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You Are Here – here again!

Last year, the You Are Here Festival held in Canberra was a bit of an unexpected success – funded in part by the Centenary of Canberra and Canberra CBD Ltd, the festival showcases independent art, theatre, music and other great projects and activities in Canberra through a series of free events held in the city centre over ten days.

Utilising reclaimed spaces and public areas for the events, You Are Here aims to bring the CBD to life, and show Canberrans the vibrancy and culture that exists in the Capital. This year, the festival is taking place from the 8th to the 18th of March.

Being from Canberra myself, and a bit of a fan of independent arts, I was always looking forward to You Are Here when it was starting out in 2011. I just didn’t expect quite so many other people to be as keen as I was.

Chatting to me in their cramped but cute office, YAH Producer, David Finnigan (Director of 2011’s festival), and Directors Yolande Norris and Adam Hadley have to agree.

“It’s such a fucking mystery as to where all the people came from last year,” David said. “Some of it had to be that they were just walking past SmithDicks [the festival hub] where it was all on.”

But there had to be something to keep people coming back for more, and my personal theory is that the festival had such a ‘come one, come all’ atmosphere, and provided such a range of events over the ten days, that people were keen to find out what could happen next. For a start, despite the fact that YAH draws on a lot of pre-existing Canberra projects or activities, most locals have no real idea of what goes on in their city, and having it all in one place is beyond convenient – it’s magical.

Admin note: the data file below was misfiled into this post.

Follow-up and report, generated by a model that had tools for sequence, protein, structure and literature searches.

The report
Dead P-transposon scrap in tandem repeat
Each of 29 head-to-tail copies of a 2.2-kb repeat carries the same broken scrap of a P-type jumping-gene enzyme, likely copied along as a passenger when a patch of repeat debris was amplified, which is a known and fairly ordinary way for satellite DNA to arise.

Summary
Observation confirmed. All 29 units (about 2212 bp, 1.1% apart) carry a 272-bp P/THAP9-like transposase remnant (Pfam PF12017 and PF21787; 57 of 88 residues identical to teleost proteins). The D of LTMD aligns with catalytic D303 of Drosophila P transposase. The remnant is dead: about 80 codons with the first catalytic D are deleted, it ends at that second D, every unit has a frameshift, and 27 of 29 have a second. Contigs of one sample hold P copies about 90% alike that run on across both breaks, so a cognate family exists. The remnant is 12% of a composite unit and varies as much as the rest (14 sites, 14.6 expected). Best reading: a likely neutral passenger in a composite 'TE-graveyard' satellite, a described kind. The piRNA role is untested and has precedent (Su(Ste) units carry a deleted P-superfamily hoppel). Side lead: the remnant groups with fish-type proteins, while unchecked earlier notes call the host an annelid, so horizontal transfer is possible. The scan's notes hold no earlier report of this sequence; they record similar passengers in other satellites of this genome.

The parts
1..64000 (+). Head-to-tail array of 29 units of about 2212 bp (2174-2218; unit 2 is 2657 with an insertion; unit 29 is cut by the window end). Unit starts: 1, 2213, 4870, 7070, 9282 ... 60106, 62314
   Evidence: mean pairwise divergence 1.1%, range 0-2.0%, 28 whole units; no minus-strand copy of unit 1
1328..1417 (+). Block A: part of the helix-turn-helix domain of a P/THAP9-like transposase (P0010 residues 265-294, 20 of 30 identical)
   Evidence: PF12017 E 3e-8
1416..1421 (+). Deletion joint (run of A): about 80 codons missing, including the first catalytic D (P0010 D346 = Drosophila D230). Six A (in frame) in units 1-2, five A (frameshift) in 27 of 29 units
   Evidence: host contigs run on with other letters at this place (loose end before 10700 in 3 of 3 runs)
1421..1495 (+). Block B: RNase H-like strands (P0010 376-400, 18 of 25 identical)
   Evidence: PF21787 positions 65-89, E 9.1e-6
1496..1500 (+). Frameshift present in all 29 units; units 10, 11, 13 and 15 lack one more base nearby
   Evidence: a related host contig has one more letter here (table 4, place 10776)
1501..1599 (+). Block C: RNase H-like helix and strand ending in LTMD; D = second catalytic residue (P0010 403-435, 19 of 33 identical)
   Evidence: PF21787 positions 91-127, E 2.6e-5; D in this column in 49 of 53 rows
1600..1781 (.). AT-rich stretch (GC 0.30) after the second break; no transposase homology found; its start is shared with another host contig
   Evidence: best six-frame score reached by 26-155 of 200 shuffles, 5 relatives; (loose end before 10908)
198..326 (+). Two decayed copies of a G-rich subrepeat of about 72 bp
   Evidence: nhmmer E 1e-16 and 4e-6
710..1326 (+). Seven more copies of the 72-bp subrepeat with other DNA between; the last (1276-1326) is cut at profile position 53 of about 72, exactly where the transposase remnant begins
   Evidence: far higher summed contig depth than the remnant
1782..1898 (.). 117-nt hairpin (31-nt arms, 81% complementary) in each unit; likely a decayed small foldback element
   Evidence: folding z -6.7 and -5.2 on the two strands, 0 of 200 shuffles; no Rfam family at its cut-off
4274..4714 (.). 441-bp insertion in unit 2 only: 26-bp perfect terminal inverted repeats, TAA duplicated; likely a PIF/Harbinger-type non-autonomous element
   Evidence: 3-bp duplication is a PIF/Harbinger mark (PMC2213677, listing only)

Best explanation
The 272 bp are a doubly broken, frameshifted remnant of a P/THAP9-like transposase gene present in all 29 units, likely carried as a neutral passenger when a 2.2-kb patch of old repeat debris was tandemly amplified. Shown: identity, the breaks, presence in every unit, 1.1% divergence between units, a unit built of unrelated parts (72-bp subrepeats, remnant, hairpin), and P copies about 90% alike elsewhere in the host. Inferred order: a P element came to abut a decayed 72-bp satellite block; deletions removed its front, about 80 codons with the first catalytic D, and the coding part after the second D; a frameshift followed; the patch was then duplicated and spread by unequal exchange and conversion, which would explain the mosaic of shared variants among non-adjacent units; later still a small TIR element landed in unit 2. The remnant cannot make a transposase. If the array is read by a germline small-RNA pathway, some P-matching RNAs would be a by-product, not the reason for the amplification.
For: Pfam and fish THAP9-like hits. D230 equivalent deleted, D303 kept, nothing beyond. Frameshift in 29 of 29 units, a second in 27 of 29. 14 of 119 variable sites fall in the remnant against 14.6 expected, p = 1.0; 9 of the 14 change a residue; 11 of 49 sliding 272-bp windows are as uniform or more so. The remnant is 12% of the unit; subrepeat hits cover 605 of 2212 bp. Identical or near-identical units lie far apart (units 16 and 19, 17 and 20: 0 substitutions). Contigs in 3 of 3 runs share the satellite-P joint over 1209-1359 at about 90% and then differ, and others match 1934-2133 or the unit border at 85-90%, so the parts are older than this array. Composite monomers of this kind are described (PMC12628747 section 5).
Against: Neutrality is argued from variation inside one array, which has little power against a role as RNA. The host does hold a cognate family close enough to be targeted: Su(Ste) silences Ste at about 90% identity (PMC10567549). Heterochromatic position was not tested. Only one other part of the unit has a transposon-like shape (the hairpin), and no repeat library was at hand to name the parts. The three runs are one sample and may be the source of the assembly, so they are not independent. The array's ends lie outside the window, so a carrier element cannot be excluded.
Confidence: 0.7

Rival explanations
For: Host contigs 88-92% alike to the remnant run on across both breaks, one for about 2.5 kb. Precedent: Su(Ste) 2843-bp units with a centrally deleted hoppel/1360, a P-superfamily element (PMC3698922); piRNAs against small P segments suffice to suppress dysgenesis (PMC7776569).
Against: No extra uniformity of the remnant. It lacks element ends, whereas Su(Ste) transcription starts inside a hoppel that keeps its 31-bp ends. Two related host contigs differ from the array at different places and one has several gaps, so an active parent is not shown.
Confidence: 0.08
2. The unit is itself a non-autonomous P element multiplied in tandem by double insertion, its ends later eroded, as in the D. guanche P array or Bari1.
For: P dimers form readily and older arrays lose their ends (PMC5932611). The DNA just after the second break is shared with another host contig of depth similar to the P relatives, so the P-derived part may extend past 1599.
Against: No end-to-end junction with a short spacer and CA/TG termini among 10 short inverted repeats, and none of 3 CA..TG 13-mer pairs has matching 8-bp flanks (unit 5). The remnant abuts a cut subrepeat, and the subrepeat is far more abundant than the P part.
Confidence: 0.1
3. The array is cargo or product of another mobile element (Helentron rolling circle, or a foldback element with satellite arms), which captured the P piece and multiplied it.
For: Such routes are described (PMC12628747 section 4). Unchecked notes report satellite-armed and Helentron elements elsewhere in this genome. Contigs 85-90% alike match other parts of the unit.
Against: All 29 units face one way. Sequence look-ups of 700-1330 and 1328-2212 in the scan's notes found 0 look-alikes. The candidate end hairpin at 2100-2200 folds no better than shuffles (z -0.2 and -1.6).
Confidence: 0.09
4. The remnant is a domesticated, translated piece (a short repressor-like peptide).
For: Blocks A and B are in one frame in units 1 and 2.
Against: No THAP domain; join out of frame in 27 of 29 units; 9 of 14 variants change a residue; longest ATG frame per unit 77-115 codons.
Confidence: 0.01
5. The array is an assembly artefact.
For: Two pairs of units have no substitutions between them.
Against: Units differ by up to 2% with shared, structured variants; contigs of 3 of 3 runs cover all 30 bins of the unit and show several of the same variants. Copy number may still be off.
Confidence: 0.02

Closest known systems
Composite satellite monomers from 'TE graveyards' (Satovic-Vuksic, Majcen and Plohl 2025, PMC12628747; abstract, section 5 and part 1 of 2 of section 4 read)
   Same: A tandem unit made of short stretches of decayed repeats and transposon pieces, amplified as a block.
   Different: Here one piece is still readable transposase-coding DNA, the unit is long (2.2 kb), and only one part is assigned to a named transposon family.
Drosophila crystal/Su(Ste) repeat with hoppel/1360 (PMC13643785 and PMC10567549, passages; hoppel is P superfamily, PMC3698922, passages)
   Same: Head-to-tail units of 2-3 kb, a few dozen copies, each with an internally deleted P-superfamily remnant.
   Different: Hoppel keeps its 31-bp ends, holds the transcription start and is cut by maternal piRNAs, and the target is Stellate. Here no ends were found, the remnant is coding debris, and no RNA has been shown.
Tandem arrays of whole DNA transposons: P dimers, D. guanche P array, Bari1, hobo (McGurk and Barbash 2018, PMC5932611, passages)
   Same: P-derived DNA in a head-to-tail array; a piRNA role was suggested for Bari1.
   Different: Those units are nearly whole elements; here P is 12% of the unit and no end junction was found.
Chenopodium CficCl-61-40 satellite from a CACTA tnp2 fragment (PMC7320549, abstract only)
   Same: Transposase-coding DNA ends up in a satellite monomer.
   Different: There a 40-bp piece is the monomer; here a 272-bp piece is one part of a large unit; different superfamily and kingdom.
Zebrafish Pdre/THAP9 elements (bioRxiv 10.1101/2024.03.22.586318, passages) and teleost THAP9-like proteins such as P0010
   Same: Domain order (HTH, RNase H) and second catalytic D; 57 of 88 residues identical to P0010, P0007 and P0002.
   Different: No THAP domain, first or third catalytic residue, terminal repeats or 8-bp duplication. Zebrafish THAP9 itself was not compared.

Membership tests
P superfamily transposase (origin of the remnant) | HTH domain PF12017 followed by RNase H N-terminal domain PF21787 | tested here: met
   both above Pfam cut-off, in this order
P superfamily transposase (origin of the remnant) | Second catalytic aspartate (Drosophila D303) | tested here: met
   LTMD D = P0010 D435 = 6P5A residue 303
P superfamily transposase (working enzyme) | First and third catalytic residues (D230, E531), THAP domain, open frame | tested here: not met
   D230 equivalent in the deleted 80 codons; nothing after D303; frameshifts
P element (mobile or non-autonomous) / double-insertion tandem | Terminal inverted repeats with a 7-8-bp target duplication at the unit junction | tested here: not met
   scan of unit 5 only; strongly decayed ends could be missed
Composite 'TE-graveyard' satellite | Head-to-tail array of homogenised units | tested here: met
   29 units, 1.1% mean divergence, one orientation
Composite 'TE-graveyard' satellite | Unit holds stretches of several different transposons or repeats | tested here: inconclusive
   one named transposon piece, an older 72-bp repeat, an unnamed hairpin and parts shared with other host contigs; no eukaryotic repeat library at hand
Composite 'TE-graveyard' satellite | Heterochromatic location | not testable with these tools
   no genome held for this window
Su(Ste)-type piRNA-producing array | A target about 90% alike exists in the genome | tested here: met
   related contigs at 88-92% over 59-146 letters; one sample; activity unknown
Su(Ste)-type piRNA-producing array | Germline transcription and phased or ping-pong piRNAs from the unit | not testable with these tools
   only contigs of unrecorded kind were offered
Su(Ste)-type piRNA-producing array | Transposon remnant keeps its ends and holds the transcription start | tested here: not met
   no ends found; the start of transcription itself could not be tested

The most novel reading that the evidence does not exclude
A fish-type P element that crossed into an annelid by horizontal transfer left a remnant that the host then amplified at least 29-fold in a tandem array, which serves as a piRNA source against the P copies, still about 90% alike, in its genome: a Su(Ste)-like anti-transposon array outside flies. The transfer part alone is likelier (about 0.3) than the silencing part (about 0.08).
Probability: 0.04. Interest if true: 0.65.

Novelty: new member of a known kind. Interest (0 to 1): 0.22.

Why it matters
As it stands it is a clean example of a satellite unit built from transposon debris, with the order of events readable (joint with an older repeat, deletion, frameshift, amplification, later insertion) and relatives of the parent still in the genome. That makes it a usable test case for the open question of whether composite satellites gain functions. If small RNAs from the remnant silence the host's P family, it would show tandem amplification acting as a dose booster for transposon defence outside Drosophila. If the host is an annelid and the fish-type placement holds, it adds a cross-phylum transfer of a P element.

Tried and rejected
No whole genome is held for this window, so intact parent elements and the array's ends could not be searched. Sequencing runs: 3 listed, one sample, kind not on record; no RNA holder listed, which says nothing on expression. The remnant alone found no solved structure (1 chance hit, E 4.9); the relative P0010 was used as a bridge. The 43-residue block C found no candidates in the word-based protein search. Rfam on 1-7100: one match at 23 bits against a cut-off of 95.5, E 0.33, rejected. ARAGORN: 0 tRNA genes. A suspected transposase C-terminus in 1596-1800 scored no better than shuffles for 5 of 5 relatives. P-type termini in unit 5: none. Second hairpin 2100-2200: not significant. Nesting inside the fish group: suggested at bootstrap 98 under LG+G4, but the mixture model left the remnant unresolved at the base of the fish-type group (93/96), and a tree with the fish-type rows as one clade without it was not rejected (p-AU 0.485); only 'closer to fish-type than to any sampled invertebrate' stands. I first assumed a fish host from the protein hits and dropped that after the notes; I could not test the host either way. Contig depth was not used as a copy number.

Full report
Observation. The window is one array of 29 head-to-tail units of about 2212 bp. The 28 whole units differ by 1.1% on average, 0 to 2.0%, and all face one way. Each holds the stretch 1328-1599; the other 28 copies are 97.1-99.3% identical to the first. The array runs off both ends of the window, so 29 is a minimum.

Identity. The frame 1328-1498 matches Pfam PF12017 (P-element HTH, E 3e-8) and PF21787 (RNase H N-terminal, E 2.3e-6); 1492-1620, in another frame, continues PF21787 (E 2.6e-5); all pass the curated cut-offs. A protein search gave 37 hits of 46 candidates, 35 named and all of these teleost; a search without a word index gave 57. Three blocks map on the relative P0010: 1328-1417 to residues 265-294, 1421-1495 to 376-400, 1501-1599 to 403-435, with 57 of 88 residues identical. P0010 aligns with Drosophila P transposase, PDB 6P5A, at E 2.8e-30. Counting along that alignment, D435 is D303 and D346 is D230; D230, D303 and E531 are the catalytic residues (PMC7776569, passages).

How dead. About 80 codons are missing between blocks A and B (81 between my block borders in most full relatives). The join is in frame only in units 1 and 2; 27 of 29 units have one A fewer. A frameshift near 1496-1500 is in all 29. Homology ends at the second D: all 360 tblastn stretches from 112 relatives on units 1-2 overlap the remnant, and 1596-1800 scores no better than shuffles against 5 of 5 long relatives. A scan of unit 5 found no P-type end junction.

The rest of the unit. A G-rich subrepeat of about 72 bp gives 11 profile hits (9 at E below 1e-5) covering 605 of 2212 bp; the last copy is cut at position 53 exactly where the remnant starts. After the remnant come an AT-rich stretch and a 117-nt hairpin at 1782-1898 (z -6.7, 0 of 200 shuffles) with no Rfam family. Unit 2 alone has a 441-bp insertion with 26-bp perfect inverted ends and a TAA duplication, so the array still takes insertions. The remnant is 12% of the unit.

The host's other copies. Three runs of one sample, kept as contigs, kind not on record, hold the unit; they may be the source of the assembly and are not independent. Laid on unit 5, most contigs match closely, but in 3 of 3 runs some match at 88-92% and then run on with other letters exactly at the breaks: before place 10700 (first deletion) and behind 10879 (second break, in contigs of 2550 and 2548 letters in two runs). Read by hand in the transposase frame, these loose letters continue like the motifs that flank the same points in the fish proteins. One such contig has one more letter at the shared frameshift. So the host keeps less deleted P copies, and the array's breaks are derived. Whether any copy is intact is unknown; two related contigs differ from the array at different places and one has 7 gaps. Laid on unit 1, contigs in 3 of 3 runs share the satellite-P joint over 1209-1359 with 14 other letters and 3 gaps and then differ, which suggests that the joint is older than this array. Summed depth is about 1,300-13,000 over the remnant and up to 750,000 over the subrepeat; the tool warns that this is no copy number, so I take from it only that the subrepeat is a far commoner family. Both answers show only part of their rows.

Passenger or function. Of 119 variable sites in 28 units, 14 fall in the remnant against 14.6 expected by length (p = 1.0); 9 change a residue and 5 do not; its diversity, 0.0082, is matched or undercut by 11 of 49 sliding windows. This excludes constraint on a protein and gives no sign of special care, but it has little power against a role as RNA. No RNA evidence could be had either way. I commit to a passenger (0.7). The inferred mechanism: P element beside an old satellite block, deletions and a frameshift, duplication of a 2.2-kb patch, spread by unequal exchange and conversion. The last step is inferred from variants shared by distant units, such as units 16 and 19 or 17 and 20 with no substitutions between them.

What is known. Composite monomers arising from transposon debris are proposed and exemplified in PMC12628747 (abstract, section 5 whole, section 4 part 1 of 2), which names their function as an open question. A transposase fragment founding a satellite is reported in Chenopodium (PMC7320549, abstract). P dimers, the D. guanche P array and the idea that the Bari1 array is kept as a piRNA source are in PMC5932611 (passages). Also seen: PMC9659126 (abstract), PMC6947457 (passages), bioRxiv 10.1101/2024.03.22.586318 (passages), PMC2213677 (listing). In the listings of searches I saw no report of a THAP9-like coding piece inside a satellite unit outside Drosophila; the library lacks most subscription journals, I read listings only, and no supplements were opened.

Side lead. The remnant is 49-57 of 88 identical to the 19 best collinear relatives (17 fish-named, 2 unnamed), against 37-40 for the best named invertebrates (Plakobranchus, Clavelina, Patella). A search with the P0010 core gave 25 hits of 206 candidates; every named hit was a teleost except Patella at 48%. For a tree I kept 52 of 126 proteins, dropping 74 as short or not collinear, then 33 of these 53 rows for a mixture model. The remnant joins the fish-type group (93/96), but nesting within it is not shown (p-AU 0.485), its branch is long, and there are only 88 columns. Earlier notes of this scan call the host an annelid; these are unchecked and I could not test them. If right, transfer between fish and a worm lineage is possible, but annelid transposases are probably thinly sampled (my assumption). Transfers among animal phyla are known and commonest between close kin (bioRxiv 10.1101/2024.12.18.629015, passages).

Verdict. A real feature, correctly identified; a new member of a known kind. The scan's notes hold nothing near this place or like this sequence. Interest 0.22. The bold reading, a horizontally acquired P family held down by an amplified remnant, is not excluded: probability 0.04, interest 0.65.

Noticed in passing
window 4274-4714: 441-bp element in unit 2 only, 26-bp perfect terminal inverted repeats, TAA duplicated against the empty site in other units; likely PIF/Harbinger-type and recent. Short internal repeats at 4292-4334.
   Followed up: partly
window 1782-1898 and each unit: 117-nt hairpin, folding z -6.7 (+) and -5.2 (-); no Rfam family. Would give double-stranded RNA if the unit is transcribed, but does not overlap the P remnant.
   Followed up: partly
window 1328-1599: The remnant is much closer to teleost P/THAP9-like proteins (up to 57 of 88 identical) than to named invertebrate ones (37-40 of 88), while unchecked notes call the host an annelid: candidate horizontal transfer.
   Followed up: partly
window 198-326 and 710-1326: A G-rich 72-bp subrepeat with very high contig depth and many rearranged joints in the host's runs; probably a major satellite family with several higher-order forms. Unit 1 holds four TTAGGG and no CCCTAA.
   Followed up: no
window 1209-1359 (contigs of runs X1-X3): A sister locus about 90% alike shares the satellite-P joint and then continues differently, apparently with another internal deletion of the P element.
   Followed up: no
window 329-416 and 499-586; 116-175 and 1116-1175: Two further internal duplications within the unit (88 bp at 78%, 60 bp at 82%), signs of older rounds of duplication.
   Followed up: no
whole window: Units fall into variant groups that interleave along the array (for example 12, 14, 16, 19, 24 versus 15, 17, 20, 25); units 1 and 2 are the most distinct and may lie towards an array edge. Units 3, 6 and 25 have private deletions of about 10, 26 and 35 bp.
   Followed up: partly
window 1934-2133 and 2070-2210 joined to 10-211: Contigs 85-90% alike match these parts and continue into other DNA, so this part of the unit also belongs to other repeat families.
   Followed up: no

This year again, the Directors have tried to keep that Canberra focus going, by encouraging locals to come chat to them about their ideas, and handing the curatorial reigns over to other local organizations where it made sense to. (In fact, Lip will be participating in an event on the 8th of March, but more on that later).

“It wasn’t ‘write an application form with your ideas’, it was ‘come and chat to us’ – and a lot of people just came and introduced themselves to us, and told us ‘this is who we are and what we do’,” Hadley explained.

David felt that, compared to last year where the festival was constrained by time and relied a lot on his own personal networks, this year’s YAH is a lot more focussed on what makes Canberra tick.

“Yolande and Hadley have curated a festival that I think is more responsive to what is actually going on here,” he explained. “There are a lot of groups I didn’t know about and they have their own following and groundswell happening. I’m genuinely excited about it.”

A quick glance at the festival program suggests that there’s actually a ton of things to get genuinely excited about, not least of which are the four major events taking place on the weekend nights of the festival.

They kick off with the ‘broke-down cabaret’ performance, Horseface Ethel and Her Marvellous Pigs in Satin, happening in The Newsroom on March 8th. On Sunday the 11th, an all-day laneway festival called The Beach will take place in Tocumwal Lane in Civic, and is presented as a day-long beach party, replete with gelato and surf-rock, beach towels and even a fashion parade.

B-Ball Band Bash is an unusual band competition, where four local bands battle it out on the basketball court, to determine who plays first and last in what is really a mini-music festival, taking place on the 17th.

And finally on the 16th, So You Think You Can Hipster is an outdoor dance party in Petrie Plaza, with a string of local DJ’s presenting their best selections for the crowd’s dancing pleasure.